By Kelly Carr, Editor
Our household joined the international excitement over the World Cup this summer. Generally in the U.S. we aren’t as intense as the rest of the world with the sport of futbol (aka: soccer). But intense was truly the word to describe the games.
The thrill and pressure of the competition brought out occasional ugliness. In the group stage of games, two different players head-butted an opponent. A player for Uruguay even got so mad he bit another man on the shoulder—and it’s not the first time he’s done that in a game!
Fans in the stands were equally intense in a positive way. Country colors were splattered across faces, outfits, and banners. Cheers roared at goals. Tears poured at losses.
But one story struck me in its quiet kindness.
There were many acts of camaraderie and respect among players and spectators that didn’t make headlines. But it lifted my spirits to hear a news report about the Japanese fans.
These fans of the Samurai Blue brought blue trash bags to the games. They waved them in the air or wore them if it rained. The purpose was to have a huge section of the stadium filled with their team’s color.
Then after each game, the Japanese fans took their blue bags and picked up trash. NPR reporter Melissa Block interviewed one fan named Kei Kawai about this. “We try to do little bit of cleanup to show respect to the host country,” said Kawai. “We are all told in school that we clean up our things and when we come somewhere, we just clean up even better than when we come in.”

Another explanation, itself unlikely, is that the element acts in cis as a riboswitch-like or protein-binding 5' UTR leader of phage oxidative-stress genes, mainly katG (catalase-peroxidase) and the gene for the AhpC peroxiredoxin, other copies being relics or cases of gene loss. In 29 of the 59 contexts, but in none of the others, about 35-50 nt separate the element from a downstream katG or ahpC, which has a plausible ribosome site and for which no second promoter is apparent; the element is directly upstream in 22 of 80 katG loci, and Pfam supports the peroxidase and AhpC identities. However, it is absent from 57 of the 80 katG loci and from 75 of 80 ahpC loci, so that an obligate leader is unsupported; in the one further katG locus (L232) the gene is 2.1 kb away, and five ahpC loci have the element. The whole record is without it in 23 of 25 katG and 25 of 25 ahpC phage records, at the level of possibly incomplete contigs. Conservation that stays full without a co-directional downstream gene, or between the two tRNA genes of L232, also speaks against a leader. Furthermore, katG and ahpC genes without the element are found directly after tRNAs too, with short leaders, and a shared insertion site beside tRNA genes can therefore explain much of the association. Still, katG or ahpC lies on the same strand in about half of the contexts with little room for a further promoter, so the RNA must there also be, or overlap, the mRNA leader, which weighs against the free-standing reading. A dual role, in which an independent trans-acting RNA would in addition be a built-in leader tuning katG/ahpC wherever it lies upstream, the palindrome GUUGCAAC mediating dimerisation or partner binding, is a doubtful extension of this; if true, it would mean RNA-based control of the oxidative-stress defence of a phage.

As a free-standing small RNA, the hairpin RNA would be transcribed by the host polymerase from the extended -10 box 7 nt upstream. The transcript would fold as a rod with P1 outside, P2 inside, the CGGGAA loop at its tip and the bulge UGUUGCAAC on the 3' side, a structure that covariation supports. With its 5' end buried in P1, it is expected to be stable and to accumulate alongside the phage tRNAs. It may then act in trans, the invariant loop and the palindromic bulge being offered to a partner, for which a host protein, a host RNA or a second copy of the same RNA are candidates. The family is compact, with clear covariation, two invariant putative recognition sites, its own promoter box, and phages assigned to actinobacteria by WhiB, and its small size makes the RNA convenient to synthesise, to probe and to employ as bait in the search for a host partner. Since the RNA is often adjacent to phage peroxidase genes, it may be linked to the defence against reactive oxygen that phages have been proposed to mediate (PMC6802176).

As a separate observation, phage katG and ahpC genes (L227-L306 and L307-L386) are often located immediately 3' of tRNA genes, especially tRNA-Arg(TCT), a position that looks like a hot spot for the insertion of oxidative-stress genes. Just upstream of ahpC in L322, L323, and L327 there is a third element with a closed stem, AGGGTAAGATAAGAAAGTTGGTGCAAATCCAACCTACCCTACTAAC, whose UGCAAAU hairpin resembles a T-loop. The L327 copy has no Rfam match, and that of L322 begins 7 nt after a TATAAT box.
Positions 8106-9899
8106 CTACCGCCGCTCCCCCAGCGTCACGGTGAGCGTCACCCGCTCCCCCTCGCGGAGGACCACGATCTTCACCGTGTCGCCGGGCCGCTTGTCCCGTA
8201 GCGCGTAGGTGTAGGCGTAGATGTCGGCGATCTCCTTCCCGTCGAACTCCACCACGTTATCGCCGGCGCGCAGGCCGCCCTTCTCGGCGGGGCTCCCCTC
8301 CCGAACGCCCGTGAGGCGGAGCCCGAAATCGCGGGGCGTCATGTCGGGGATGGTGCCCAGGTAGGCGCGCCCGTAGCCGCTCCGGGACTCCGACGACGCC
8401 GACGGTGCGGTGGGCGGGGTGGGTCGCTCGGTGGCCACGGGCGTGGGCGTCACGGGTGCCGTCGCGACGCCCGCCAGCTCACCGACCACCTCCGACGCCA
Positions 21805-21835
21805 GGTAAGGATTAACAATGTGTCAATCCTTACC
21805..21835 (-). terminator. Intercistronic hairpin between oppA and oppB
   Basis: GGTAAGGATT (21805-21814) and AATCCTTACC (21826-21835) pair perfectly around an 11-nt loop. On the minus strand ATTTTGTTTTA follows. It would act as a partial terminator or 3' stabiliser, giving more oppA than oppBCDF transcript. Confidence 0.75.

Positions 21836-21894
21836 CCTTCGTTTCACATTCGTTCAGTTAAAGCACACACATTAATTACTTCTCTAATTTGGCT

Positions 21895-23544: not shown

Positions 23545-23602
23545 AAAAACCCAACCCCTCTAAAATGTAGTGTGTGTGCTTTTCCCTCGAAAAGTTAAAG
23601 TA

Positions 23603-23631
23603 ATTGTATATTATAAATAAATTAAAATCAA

Block asked him if they cleaned everyone’s trash, not just their own. “Yeah . . . not just ours . . . when we are cleaning up we are just doing, like, a little bit more,” said Kawai.
Living Out Our Calling
Over the next three issues, we are considering the calling God has for us as stated in 2 Peter 1. At first the word calling might sound intimidating, as do the eight parts of that calling listed in vv. 5-7—faith, goodness, knowledge, self-control, perseverance, godliness, mutual affection, love. But we are going to break down each one and show that there are practical things every Christian can do to live out these aspects of our calling.
No matter where we are on our journey with God, we can do something. We aren’t asked to do more than what we can handle. But each step of the way we are asked to do what the Japanese fans were doing: “a little bit more.”
Are you just beginning to acquire faith? Do a little bit more and strive to deepen it. Have you been practicing acts of goodness your entire life? Do a little bit more and find some new area to spread goodness where you haven’t done so before.
Let’s look around us and see how God is moving in our world, in our city, in our church, in our family. Then jump in and be a part of his work. Find one way each day to do a little bit more.